NetWellness is a global, community service providing quality, unbiased health information from our partner university faculty. NetWellness is commercial-free and does not accept advertising.
Wednesday, October 1, 2014
Who doesn't like the sweet taste and smooth texture of chocolate? But many of us feel guilty when we indulge in chocolate as a topping, a candy, or a beverage. Is it really a "forbidden" food?
The fruit of the cacao tree is a football-shaped pod that contains about 25-75 cocoa beans. Ancient civilizations in Mexico and Central America regarded chocolate, made from the cocoa beans, as magical. It was used as a beverage, as a medicine for gastrointestinal problems, as a treatment for fatigue, and as an offering in religious events. In the 1500s, after cocoa beans were brought to Spain from Mexico, chocolate became popular across Europe, where it was viewed as a healthy food. "Hot chocolate", a sweetened version of the beverage, became a preferred drink for royal families. Because of the high prices of imported cocoa beans and sugar, chocolate was not readily available in the United States until the mid-1800s. Chocolate's popularity with Americans heightened during World War I, when U.S. chocolate manufacturers shipped it to our soldiers throughout Europe.
Chocolate today is processed and contains varying amounts of cocoa liquor, cocoa butter, sugar, and milk. Although chocolate is relatively high in calories and fat (about 150 calories and 8.5 grams of fat per ounce), it contains monounsaturated fat and a type of saturated fat that are not associated with increasing blood cholesterol levels. In fact, research studies have shown that chocolate does not raise and may even improve blood cholesterol levels.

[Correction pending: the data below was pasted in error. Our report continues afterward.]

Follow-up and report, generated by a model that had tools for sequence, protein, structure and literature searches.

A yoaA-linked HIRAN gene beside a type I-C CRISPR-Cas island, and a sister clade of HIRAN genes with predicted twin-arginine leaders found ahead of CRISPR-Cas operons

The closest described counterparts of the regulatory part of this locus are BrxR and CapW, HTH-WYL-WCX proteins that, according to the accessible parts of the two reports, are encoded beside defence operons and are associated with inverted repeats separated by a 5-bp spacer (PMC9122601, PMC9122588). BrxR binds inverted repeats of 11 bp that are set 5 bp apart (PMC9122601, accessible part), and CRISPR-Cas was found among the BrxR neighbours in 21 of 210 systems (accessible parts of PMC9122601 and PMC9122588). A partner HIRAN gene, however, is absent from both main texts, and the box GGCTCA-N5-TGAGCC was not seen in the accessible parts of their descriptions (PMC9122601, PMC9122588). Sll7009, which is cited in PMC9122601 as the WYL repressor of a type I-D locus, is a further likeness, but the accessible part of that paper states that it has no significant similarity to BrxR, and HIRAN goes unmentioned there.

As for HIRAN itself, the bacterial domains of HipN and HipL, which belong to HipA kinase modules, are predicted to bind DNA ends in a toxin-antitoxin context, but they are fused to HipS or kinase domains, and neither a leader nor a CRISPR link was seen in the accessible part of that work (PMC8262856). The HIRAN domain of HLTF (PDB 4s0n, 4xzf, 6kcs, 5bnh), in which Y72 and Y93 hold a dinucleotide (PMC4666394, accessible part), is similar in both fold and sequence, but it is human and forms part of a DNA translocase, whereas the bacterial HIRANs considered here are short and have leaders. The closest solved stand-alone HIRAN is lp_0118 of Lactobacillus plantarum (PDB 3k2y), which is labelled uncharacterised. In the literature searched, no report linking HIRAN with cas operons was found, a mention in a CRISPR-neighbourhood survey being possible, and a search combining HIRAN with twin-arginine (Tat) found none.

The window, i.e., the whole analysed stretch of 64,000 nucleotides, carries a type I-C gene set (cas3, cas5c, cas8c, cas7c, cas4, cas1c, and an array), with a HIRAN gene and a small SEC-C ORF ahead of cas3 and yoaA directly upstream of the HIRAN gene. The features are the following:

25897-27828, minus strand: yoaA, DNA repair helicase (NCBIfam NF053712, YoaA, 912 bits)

Chocolate contains a variety of minerals that are needed for cardiovascular health, such as calcium, magnesium, copper, and potassium. It also contains flavonoids, which are substances that act as antioxidants, protecting the body from "free radicals" (oxidized compounds that are associated with the development of heart disease). Dark chocolate contains greater amounts of minerals and flavonoids than lighter chocolates. Recent studies are investigating other positive effects of chocolate, such as anti-inflammatory, anti-platelet, and vasodilatory effects.
Based on current scientific evidence, we should include a variety of flavonoid-rich foods in our diets, such as apples, purple grapes, blackberries, raspberries, cherries, red wine, green and black tea, and chocolate. But remember that all foods should be eaten in moderation. So a heart-healthy diet combined with an active lifestyle can include chocolate ... in small amounts. Savor those delicious treats, such as strawberries dipped in chocolate or chocolate brownies with added nuts and dried cranberries, occasionally and leave the guilt behind!
Last Reviewed: May 02, 2006
Bonnie J Brehm, PhD, RD
Professor of Nursing
College of Nursing
University of Cincinnati